Rod Brind’Amour went with a young, inexperienced lineup for game two of their exhibition schedule and that was on full display in the second and third periods as Tampa’s veteran-heavy group outmatched the Canes and ran away with an 8-5 win.
Here are three takeaways from Carolina's second preseason tilt.
Another strong offensive night from Carolina’s young forwards
Carolina’s top prospect was very noticeable in his preseason debut.
2020 first-round pick Seth Jarvis had the team’s best early chance via a powerplay opportunity. He fired a point-blank shot that was stopped by Tampa’s Hugo Alnefelt. He piled up five shots on goal on Friday and was an active force in the offensive zone throughout the game.
Due to the NHL’s agreement with the CHL, Jarvis will have to go back to the Portland Winterhawks of the WHL if he doesn’t make the Hurricanes out of camp. Based on his dominant play in the AHL last season before the junior season started and the early returns from training camp, it seems pretty clear that he is ready to graduate from the junior level.
Jack Drury and Jamieson Rees stood out in a big way in the preseason opener and they were every bit as active in game two.
Rees’ tenacity was apparent all over the ice, including an instance in the second period where his dogged forechecking forced the Lightning into taking a holding penalty. Drury was solid in all three zones, winning faceoffs against established NHL centermen and showing some offensive flare along the way.
Ryan Suzuki’s playmaking was on display, especially on the power play. He picked up a pair of assists, including a gorgeous feed on CJ Smith’s first goal of the night.
David Cotton had a breakaway chance in the third period that he couldn’t capitalize on, but he tallied an assist. Joey Keane looked very comfortable quarterbacking the first power-play unit and he had a nice assist on Derek Stepan’s first-period goal.
Spencer Smallman has gone through plenty of hardships in his early career due to injuries, but he was yet another standout performer in Tampa. He had a slick backhand finish right on the goal line for a goal and he added an assist.
As impressive as some of the kids were, there were very noticeable lulls in the defensive zone from top prospects, especially as the game wore on. That, of course, is to be expected, and we’ll dive into that more in a bit.
Veterans establish their presence
The Hurricanes iced a very young lineup in Tampa, but they were led by a group of veterans who will be on the opening night roster.
Derek Stepan and Jordan Martinook both found the back of the net on Friday and were steady throughout the night. Their work on the penalty kill was especially noticeable.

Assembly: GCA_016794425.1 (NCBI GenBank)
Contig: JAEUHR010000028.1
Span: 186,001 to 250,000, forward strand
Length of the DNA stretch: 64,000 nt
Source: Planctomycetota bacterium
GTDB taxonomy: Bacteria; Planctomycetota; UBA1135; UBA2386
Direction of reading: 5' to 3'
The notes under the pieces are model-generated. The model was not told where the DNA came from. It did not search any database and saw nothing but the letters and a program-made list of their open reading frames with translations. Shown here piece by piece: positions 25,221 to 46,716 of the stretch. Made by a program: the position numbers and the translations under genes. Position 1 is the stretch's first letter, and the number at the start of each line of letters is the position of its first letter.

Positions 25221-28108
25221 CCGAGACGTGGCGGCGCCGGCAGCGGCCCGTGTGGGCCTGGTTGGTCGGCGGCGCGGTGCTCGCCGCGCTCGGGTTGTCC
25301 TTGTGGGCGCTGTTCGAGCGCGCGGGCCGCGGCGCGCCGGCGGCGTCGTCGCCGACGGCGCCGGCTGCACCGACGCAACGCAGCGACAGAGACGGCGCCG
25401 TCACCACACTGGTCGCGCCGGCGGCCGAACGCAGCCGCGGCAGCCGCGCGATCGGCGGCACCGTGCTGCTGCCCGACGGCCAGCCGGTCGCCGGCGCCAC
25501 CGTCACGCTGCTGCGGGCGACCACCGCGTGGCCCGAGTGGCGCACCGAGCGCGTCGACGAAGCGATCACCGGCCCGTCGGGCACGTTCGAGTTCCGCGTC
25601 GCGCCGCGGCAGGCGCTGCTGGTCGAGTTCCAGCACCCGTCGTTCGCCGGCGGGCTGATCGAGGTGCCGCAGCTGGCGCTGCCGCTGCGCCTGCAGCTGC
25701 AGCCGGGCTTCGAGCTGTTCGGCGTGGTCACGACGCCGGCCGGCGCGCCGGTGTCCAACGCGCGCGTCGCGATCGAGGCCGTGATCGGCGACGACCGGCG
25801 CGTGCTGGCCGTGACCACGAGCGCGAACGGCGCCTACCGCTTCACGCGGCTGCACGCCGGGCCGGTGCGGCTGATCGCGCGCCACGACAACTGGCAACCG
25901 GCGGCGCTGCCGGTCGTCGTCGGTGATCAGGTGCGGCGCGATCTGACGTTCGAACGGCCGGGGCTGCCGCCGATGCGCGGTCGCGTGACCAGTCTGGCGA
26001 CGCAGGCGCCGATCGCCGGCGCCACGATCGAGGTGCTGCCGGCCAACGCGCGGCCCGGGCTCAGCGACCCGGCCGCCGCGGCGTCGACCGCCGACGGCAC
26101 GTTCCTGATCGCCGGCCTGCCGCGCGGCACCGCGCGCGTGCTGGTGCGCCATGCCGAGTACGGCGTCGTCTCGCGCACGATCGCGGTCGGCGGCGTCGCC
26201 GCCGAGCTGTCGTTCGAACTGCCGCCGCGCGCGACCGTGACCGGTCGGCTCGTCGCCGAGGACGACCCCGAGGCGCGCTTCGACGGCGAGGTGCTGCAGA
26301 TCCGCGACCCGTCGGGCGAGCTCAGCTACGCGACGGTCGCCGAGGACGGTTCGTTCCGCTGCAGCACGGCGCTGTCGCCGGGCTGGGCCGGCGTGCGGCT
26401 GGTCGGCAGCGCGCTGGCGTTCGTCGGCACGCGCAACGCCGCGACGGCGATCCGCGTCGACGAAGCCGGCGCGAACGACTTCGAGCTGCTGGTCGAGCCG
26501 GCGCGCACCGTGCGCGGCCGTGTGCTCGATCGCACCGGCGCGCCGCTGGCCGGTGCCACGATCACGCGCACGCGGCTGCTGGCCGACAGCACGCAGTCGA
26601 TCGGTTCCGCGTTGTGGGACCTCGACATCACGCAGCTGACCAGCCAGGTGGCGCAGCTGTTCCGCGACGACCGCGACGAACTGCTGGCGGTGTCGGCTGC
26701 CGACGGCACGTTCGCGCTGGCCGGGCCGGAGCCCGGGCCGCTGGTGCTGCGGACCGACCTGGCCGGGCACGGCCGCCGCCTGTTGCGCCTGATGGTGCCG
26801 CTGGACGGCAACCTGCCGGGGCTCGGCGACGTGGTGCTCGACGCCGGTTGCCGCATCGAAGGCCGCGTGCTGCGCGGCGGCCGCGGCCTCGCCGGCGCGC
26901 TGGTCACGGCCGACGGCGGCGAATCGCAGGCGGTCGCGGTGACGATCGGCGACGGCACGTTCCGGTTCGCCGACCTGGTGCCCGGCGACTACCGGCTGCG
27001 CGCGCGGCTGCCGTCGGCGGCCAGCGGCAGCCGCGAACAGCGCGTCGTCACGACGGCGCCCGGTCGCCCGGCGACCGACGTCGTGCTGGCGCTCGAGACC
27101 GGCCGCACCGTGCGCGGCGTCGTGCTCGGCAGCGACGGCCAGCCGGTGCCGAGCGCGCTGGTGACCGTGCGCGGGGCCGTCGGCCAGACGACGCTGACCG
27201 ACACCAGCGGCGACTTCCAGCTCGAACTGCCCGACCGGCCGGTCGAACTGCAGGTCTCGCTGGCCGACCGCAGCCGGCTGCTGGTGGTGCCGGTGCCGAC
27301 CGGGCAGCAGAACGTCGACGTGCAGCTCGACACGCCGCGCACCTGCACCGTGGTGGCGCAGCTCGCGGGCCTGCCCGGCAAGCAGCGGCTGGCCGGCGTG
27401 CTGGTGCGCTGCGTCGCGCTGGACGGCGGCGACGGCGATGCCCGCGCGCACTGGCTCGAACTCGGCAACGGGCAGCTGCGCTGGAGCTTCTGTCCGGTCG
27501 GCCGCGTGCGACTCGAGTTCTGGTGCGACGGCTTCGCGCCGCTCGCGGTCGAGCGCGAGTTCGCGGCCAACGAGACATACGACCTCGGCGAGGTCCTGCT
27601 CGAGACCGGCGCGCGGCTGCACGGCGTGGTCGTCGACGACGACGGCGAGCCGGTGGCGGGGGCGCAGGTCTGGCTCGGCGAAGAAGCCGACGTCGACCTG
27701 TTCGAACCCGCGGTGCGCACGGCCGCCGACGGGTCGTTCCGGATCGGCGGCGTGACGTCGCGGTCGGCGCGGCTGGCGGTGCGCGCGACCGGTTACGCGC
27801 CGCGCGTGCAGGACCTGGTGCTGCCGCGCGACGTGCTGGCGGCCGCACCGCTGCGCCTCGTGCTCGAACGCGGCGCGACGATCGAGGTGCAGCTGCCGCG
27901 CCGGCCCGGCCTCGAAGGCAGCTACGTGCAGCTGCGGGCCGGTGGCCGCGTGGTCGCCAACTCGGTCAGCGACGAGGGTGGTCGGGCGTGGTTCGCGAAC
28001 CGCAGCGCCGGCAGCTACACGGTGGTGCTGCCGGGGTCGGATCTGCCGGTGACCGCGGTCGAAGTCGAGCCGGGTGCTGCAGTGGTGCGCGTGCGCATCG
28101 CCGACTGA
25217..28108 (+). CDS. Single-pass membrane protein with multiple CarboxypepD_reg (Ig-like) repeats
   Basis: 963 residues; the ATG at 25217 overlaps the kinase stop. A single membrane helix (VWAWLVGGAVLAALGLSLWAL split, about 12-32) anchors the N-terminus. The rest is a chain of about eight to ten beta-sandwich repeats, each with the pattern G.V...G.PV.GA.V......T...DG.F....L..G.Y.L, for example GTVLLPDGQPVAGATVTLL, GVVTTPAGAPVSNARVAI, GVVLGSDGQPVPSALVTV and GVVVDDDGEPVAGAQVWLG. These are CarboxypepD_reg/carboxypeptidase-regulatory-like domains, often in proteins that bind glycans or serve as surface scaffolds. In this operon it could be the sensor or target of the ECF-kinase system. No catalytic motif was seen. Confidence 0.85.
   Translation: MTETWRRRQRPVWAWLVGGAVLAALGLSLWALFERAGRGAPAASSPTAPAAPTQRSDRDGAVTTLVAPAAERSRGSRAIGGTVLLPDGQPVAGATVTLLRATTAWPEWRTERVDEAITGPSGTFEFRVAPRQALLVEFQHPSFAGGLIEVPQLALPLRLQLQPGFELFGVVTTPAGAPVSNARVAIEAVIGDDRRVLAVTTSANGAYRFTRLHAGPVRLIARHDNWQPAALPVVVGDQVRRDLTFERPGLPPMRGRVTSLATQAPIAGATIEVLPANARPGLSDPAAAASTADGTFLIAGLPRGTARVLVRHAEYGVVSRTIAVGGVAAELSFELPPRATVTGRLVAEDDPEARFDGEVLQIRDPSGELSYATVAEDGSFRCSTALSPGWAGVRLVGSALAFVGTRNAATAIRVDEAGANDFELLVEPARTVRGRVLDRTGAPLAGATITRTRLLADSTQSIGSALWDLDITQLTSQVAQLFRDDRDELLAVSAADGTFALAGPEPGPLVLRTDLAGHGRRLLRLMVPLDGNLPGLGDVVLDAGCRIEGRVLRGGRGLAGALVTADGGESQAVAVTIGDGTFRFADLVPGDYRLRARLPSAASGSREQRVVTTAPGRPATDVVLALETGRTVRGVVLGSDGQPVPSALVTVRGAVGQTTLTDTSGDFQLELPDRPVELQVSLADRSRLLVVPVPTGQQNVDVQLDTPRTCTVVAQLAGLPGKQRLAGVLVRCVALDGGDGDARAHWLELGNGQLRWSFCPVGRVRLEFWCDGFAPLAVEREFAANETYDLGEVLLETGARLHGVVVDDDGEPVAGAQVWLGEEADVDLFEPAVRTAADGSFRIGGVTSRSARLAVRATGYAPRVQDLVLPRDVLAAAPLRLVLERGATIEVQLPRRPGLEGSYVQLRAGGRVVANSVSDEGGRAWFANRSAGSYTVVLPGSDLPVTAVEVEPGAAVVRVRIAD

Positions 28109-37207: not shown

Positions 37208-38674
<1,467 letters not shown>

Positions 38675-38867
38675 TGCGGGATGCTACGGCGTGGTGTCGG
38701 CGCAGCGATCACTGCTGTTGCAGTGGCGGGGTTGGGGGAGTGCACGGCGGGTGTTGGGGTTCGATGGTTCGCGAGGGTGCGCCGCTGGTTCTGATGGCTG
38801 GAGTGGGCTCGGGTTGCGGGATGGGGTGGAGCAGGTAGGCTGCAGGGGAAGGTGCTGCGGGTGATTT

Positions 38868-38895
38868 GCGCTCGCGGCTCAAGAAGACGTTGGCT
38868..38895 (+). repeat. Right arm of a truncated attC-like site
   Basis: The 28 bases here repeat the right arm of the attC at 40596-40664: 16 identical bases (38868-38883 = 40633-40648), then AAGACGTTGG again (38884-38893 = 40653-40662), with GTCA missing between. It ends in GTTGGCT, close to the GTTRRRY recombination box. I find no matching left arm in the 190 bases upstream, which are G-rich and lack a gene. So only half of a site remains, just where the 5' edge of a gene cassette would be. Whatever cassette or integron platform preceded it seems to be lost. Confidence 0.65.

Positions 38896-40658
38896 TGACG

Depth guys like Smith and Stefan Noesen looked well acclimated and made quality contributions. When injuries hit, those guys will be among the first players to get NHL looks. Noesen didn’t find the scoresheet, but he checks a lot of boxes for a depth bottom-six forward.
Antti Raanta’s first night in net for Carolina was a bit of a disaster, but it wasn’t entirely on him. After allowing an early goal, he seemed to calm down and get into the game, but things fell apart around the midpoint in the game as Tampa really started to hit their stride.
The third period saw the Canes make a series of bad defensive mistakes and Raanta had to deal with some big messes as a result. The veteran backstop allowed seven goals on the night, a few of which were ones he’d probably want back.
For a veteran goalie like him, the most important thing is for him to see shots and get comfortable. He’ll get another start before the end of the preseason.
A predictable outcome
Credit to the Canes’ young guns, they came out with tons of energy early in the game and delivered a number of blows to a veteran Bolts lineup, but as the game went on and Tampa got their game together, it was somewhat of a lopsided affair.
Mainstays Corey Perry, Pat Maroon, Ondrej Palat, Nikita Kucherov, and Brayden Point all had multi-point nights, and all but one of them had three-point nights, while the trio of Victor Hedman, Mikhail Sergachev, and Jan Ruuta all logged north of 20 minutes.
The common theme in postgame was that the late collapse wasn’t due to a lack of effort. It was a collection of largely young guys with little or no experience playing together who made a few costly mistakes. It’s the preseason. These are valuable little learning experiences.
Brind’Amour said that, on the whole, he liked what he saw from his guys.